AB - Twenty-four subjects walked at different, freely chosen speeds (V) ranging from 0.4 to 2.6 m s-1, while the motion and the ground reaction forces were recorded in three-dimensional space. We considered the time course of the changes of the angles of elevation of the trunk, pelvis, thigh, shank, and foot in the sagittal plane. These angles specify the orientation of each segment with respect to the vertical and to the direction of forward progression. The changes of the trunk and pelvis angles are of limited amplitude and reflect the dynamics of both right and left lower limbs. The changes of the thigh, shank, and foot elevation are ample, and they are coupled tightly among each other. When these angles are plotted one versus the others, they describe regular loops constrained on a plane. The plane of angular co-variation rotates, slightly but systematically, along the long axis of the gait loop with increasing V. The rotation, quantified by the change of the direction cosine of the normal to the plane with the thigh axis (u(3t)), is related to a progressive phase shift between the foot elevation and the shank elevation with increasing V. As a next step in the analysis, we computed the massspecific mean absolute power (P(u)) to obtain a global estimate of the rate at which mechanical work is performed during the gait cycle. When plotted on logarithmic coordinates, P(u) increases linearly with V. The slope of this relationship varies considerably across subjects, spanning a threefold range. We found that, at any given V > 1 m s-1, the value of the plane orientation (u(3t)) is correlated with the corresponding value of the net mechanical power (P(u)). On the average, the progressive rotation of the plane with increasing V is associated with a reduction of the increment of P(u) that would occur if u(3t) remained constant at the value characteristic of low V. The specific orientation of the plane at any given speed is not the same in all subjects, but there is an orderly shift of the plane orientation that correlates with the net power expended by each subject. In general, smaller values of u(3t) tend to be associated with smaller values of P(u) and vice versa. We conclude that the parametric tuning of the plane of angular covariation is a reliable predictor of the mechanical energy expenditure of each subject and could be used by the nervous system for limiting the overall energy expenditure.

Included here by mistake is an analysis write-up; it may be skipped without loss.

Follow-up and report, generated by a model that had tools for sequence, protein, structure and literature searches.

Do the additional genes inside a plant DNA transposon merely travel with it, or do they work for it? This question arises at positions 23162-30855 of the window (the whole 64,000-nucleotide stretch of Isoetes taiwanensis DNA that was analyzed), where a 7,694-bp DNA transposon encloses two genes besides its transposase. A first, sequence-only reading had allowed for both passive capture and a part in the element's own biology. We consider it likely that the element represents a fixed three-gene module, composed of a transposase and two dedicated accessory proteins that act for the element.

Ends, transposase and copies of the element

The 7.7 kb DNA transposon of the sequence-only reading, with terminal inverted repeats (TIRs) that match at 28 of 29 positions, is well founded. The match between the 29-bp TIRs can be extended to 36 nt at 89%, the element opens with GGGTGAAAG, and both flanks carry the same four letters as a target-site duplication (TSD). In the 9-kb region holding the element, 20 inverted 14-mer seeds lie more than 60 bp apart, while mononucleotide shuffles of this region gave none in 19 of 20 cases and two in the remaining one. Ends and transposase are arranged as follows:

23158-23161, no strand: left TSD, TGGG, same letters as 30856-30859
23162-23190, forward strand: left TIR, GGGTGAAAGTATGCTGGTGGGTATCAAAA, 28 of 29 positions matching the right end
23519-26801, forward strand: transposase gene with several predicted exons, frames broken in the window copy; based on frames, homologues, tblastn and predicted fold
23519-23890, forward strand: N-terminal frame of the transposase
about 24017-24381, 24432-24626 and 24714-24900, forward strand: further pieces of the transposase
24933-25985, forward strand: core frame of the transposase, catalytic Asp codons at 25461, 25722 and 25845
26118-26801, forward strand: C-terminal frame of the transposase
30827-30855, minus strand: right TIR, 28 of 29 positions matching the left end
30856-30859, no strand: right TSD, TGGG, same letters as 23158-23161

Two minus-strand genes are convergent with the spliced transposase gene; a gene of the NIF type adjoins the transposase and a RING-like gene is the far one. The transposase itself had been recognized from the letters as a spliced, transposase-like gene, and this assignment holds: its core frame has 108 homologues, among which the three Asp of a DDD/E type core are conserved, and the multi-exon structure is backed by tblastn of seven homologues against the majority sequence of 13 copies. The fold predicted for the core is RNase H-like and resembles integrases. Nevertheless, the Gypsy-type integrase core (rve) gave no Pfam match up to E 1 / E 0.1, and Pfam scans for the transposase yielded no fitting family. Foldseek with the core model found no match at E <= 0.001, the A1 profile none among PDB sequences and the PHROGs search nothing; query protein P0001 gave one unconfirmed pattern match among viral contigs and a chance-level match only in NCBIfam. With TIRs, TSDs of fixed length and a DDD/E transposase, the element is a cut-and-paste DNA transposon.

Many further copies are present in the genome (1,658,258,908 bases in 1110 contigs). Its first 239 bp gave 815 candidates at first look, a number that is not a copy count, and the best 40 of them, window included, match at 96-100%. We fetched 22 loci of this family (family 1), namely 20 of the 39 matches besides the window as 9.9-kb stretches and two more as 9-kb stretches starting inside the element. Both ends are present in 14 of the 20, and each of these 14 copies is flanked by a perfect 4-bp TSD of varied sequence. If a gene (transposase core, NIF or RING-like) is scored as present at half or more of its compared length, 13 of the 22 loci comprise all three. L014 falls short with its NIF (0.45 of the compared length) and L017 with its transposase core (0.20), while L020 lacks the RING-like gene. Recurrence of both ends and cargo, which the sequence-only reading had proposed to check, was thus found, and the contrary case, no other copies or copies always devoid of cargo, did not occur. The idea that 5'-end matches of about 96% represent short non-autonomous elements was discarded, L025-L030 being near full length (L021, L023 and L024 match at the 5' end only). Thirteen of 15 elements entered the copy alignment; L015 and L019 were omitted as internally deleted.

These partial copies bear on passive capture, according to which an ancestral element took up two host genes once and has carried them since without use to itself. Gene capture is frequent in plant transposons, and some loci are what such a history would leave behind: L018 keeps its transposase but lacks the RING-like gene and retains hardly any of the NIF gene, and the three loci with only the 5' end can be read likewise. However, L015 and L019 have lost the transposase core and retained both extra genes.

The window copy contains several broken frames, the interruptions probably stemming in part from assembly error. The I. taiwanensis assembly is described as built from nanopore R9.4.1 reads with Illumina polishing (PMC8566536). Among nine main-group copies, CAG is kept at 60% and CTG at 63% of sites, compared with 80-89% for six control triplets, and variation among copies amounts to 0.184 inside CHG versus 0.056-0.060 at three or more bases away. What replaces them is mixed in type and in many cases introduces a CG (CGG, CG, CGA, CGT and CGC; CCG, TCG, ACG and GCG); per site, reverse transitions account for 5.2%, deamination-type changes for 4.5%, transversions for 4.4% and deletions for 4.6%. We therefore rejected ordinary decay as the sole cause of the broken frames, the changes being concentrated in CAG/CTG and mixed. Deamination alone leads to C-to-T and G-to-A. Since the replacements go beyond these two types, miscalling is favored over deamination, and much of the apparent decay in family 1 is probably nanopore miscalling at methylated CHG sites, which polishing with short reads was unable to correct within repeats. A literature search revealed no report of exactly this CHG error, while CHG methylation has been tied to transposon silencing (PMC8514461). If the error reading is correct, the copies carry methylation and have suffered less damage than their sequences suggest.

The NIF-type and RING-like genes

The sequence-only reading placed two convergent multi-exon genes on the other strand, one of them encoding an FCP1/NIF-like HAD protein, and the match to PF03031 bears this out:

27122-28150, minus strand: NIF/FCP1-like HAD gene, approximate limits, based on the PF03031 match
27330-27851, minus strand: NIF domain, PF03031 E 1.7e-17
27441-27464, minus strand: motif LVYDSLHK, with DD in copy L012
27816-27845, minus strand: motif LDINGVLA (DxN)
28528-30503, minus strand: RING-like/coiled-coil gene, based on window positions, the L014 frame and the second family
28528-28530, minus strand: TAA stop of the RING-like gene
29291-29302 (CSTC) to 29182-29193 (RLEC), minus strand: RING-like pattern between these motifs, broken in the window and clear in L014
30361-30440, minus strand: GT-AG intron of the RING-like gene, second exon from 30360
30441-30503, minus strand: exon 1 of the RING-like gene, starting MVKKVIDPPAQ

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UR - http://www.scopus.com/inward/citedby.url?scp=0031920790&partnerID=8YFLogxK

M3 - Article

C2 - 9535975

AN - SCOPUS:0031920790

VL - 79

SP - 2155

EP - 2170

JO - Journal of Neurophysiology

JF - Journal of Neurophysiology

SN - 0022-3077

IS - 4

ER -